System and method for positioning a probe

An adapter couples a length of optical fiber to a hollow probe and to an optical coherence tomography instrument. The length of optical fiber may be greater than the length of the adapter itself. The optical fiber is fixed to an optical coupler at a proximal end of the adapter and may be maintained in a curved configuration by features located in an internal cavity of the adapter. An optical fiber advance mechanism be used to advance and/or retract the length of optical fiber to align it within the hollow probe.

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Description
CROSS-REFERENCE TO RELATED APPLICATIONS

This application is a division of application Ser. No. 11/839,517, filed Aug. 15, 2007 now U.S. Pat. No. 7,682,089.

BACKGROUND OF THE INVENTION

1. Field of the Invention

The present invention relates to medical probes. In particular, the invention relates to a system for positioning a medical probe.

2. Description of Related Art

There are many medical procedures that require the insertion of a probe or needle along a specific path or to a specific location within the human body. The execution of these procedures often relies solely upon the vision and tactile sense of the practitioner. For example, a hypodermic needle may be inserted into the jugular vein of a patient as a prelude to catheritization. Incorrect insertion of a hypodermic needle into the jugular may result in a punctured lung or other complications, thus, a post catheritization X-ray is frequently taken to verify the success of the procedure.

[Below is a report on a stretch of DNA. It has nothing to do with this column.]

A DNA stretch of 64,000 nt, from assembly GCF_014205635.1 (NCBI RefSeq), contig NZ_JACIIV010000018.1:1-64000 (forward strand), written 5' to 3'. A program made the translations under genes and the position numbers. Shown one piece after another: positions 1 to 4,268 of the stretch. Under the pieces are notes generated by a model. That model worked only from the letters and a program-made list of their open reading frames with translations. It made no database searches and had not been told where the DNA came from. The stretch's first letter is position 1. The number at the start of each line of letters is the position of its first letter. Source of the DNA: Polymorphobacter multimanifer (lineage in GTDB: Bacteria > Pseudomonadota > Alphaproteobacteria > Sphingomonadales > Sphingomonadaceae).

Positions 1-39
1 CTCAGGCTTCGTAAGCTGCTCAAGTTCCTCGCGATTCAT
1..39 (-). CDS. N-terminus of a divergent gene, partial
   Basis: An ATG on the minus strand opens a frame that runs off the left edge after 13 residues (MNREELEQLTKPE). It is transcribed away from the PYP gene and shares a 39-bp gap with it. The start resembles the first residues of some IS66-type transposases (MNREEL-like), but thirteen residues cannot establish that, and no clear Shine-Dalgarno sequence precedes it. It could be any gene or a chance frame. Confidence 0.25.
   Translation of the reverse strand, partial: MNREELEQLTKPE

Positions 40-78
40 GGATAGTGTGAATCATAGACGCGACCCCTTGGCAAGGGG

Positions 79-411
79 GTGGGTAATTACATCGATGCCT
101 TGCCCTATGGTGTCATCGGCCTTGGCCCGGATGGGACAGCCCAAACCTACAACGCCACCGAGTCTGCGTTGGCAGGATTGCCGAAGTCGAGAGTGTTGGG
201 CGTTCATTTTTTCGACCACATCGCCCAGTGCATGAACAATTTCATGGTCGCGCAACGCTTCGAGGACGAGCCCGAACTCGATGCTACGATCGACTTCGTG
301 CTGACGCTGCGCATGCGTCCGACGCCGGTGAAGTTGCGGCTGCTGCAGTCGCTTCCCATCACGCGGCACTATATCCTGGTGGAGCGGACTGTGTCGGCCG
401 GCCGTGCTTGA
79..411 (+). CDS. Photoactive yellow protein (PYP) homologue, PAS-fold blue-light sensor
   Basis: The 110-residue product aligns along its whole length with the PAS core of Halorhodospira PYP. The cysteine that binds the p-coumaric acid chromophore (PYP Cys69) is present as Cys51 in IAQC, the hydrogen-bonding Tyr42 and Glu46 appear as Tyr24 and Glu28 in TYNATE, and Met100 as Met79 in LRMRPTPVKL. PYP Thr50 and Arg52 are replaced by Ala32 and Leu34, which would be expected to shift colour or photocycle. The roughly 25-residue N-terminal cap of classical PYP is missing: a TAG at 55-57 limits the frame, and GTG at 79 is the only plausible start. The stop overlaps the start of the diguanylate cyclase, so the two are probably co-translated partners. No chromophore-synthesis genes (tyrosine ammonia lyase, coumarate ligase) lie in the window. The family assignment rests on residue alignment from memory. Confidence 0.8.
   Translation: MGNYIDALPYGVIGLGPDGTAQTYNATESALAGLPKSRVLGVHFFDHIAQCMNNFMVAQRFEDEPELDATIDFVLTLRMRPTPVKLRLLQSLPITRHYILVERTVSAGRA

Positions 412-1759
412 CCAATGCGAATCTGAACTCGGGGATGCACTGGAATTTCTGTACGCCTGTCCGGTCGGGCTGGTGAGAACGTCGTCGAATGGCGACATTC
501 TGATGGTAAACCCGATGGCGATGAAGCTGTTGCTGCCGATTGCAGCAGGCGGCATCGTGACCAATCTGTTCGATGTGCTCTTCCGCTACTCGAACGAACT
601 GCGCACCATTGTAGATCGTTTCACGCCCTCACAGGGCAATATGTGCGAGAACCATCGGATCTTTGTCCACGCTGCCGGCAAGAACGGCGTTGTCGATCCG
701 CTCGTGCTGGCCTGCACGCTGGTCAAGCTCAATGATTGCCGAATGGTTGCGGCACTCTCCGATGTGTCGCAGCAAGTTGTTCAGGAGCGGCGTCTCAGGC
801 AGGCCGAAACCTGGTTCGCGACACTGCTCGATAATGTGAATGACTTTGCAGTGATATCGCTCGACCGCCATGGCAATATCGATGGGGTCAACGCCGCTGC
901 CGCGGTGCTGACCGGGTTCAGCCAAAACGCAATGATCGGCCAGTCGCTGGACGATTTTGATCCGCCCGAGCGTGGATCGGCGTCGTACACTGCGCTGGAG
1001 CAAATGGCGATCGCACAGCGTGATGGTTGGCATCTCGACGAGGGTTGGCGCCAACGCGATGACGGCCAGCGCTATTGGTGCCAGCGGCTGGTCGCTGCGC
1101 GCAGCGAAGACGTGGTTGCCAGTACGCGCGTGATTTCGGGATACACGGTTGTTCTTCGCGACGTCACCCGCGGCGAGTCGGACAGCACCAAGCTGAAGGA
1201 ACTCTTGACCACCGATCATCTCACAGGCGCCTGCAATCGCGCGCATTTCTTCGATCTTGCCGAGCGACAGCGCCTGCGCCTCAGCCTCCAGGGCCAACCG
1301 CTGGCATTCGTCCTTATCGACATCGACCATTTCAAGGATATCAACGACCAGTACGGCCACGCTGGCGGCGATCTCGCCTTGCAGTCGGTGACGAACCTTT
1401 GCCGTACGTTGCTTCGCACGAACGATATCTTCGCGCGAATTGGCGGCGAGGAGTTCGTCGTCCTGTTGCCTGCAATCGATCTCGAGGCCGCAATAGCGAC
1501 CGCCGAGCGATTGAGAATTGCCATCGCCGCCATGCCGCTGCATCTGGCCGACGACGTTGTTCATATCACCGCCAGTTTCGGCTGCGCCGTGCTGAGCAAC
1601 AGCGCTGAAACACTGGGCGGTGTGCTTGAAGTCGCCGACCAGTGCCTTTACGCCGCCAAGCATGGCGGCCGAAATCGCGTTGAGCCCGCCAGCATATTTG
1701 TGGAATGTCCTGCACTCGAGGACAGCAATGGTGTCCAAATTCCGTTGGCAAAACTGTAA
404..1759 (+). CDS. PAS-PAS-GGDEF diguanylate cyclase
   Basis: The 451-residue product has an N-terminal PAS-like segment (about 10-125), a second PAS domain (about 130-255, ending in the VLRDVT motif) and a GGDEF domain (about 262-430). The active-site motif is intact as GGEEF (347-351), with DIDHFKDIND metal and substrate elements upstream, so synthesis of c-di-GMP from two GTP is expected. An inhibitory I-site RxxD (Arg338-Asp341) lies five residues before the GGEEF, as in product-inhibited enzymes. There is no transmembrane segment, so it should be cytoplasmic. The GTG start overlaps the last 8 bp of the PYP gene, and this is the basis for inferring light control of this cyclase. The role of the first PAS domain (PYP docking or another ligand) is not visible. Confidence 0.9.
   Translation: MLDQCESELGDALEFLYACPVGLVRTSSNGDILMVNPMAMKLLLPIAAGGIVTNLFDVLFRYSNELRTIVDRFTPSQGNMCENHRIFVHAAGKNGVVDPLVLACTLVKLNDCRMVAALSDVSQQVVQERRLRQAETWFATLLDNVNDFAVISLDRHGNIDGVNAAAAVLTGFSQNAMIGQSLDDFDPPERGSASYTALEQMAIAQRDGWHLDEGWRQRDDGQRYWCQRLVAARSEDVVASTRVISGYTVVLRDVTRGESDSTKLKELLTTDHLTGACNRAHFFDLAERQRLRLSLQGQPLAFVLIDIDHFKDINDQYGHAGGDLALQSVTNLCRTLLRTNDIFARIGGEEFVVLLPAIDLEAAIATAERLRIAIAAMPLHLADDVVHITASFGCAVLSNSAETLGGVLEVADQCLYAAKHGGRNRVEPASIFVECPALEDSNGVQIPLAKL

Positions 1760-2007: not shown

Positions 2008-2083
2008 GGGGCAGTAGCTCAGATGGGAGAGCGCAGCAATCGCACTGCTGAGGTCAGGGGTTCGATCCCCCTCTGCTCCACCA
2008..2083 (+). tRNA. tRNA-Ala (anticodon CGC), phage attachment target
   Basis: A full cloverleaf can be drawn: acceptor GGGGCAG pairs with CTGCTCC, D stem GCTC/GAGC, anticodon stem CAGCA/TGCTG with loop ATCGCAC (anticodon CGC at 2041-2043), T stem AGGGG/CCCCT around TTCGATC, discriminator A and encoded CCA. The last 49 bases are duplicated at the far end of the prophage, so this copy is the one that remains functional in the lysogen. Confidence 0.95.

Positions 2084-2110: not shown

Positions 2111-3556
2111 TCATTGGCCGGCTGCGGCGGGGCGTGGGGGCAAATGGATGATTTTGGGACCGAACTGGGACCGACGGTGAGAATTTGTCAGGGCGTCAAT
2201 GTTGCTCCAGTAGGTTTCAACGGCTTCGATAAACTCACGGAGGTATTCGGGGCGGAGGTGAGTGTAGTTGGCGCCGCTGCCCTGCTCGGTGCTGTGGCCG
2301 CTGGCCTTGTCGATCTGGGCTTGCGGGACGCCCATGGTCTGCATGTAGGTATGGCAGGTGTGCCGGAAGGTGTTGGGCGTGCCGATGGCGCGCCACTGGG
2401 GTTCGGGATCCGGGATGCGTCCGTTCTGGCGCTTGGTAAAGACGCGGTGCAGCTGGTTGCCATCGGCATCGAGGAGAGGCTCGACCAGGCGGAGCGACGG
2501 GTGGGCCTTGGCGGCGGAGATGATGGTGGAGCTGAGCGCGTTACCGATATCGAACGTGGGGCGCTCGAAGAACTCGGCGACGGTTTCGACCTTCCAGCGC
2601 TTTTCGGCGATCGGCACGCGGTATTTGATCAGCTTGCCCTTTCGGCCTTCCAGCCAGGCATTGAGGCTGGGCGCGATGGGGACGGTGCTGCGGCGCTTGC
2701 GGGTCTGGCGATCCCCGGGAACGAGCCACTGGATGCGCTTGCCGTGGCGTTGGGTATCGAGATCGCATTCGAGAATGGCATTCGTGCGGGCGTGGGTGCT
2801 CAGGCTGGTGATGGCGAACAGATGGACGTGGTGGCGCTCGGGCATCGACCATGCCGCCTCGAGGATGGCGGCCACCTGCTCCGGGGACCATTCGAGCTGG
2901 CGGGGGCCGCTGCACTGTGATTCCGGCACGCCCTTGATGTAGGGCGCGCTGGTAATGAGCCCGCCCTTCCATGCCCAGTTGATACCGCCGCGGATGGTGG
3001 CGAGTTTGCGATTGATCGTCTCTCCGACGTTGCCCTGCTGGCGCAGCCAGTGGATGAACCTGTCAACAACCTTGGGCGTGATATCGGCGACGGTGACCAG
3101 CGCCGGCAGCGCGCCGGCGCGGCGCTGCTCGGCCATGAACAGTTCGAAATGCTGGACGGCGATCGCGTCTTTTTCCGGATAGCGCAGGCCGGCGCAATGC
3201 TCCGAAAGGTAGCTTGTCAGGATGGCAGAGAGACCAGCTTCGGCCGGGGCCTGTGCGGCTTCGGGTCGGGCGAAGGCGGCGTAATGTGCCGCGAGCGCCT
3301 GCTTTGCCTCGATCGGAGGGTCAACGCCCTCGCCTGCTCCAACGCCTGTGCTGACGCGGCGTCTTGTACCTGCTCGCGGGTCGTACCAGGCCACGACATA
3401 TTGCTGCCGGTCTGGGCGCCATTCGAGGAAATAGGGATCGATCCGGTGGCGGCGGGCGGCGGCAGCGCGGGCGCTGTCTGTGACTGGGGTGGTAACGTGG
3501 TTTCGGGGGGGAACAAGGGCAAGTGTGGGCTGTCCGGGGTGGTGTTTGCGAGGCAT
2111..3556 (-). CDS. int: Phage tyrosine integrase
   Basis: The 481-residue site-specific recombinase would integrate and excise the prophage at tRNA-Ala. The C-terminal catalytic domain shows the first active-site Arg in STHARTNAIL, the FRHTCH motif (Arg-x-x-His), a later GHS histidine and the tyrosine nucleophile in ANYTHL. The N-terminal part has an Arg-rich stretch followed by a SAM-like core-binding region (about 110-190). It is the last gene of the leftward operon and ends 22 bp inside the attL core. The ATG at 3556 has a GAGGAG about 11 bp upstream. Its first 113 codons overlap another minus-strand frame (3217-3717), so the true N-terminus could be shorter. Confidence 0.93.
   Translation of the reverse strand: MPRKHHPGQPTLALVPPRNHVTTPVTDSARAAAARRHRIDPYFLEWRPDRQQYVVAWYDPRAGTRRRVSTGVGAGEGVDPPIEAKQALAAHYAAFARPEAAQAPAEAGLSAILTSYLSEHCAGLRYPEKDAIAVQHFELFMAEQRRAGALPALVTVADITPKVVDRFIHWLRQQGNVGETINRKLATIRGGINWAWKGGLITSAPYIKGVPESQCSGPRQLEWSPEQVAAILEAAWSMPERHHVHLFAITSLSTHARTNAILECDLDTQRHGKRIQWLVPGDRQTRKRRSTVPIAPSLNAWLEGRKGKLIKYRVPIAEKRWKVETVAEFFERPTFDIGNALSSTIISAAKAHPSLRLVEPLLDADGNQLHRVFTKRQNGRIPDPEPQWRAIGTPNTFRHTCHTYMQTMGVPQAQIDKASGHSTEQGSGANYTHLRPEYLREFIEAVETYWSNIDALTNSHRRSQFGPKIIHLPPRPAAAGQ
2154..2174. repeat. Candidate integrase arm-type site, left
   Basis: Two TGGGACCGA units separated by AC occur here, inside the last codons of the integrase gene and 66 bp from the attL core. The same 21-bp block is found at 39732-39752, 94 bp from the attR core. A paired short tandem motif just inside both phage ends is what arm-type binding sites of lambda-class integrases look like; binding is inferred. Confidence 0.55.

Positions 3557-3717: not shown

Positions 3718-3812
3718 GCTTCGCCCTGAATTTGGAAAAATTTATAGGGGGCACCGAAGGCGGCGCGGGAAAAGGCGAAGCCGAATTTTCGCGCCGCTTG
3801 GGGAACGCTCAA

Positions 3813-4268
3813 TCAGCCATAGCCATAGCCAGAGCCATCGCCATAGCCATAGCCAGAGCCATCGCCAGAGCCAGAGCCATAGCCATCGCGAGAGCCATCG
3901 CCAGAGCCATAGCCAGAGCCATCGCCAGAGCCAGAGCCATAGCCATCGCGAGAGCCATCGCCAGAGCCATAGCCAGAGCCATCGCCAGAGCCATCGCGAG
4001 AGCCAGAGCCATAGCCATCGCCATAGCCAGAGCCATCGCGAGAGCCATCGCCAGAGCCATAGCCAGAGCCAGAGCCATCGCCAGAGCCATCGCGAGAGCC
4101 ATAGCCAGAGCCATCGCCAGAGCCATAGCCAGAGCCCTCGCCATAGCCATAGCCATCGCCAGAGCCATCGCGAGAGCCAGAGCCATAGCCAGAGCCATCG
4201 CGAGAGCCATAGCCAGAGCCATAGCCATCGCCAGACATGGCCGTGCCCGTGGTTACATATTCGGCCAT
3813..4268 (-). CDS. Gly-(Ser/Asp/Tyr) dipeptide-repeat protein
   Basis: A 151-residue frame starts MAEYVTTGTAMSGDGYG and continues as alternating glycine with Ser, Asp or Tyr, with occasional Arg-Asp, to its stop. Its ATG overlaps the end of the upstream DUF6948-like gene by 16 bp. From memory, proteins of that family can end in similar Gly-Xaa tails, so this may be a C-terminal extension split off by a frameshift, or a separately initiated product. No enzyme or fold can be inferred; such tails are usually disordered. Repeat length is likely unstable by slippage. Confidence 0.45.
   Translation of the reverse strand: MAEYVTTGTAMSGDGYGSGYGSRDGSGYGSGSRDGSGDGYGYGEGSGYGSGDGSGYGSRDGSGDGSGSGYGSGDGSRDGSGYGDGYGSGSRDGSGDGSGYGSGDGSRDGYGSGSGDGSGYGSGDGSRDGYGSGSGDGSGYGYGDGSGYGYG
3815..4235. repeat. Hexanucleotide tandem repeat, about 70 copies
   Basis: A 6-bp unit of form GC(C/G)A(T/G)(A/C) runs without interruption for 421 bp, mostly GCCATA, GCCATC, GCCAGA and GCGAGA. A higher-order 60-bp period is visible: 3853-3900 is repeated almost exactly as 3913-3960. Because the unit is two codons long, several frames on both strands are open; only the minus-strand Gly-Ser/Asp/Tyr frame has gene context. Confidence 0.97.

Realtime visual information (e.g., ultrasound imaging) regarding internal tissue structures is helpful in avoiding complications during medical procedures; however, realtime imaging techniques may make a procedure significantly more complex. Also, additional personnel or an increased amount of time may also be required.

Optical coherence tomography (OCT) is frequently used for realtime imaging and may be integrated with a number of instruments. Such integrated instruments typically require sterilization before reuse and thus are not well suited to high-volume procedures.

Thus, a need exists for a system and method for positioning a probe that does not require sterilization before reuse. There is also a need for a system and method for positioning a probe that is suitable for use in high-volume procedures.

BRIEF SUMMARY OF THE INVENTION

The present invention provides an adapter that couples one or more optical fibers to a hollow probe. The adapter contains a length of optical fiber that is longer than the adapter itself. The optical fiber may be extended into the hollow probe.

In one embodiment of the invention the length of optical fiber is fixed to an optical coupler at a proximal end of the adapter and is maintained in a curved configuration by features located in an internal cavity of the adapter.

In further embodiment, a conical needle adapter at the distal end of the adapter is configured to accept a hypodermic needle. The conical adapter may have a Luer taper.

In another embodiment, a pair of rollers are used to advance the length of optical fiber. The rollers may be composite with a hard core and soft surface, and may also be sealed with in the adapter.

BRIEF DESCRIPTION OF THE DRAWINGS

FIG. 1A shows a top perspective view of an optical probe adapter in accordance with an embodiment of the present invention.

FIG. 1B shows a top view of the optical probe adapter of FIG. 1A.

FIG. 1C shows a front view of the optical probe adapter of FIG. 1A.

FIG. 1D shows a front perspective exploded view of the optical probe adapter of FIG. 1A.

FIG. 1E shows a back perspective exploded view of the optical probe adapter of FIG. 1A.

FIG. 2A shows an optical probe adapter with an attached hypodermic needle in accordance with an embodiment of the present invention.

FIG. 2B shows an alignment of an optical fiber at the tip of an attached hypodermic needle in accordance with an embodiment of the present invention.

FIG. 3 shows a diagram of a probe positioning system in accordance with an embodiment of the present invention.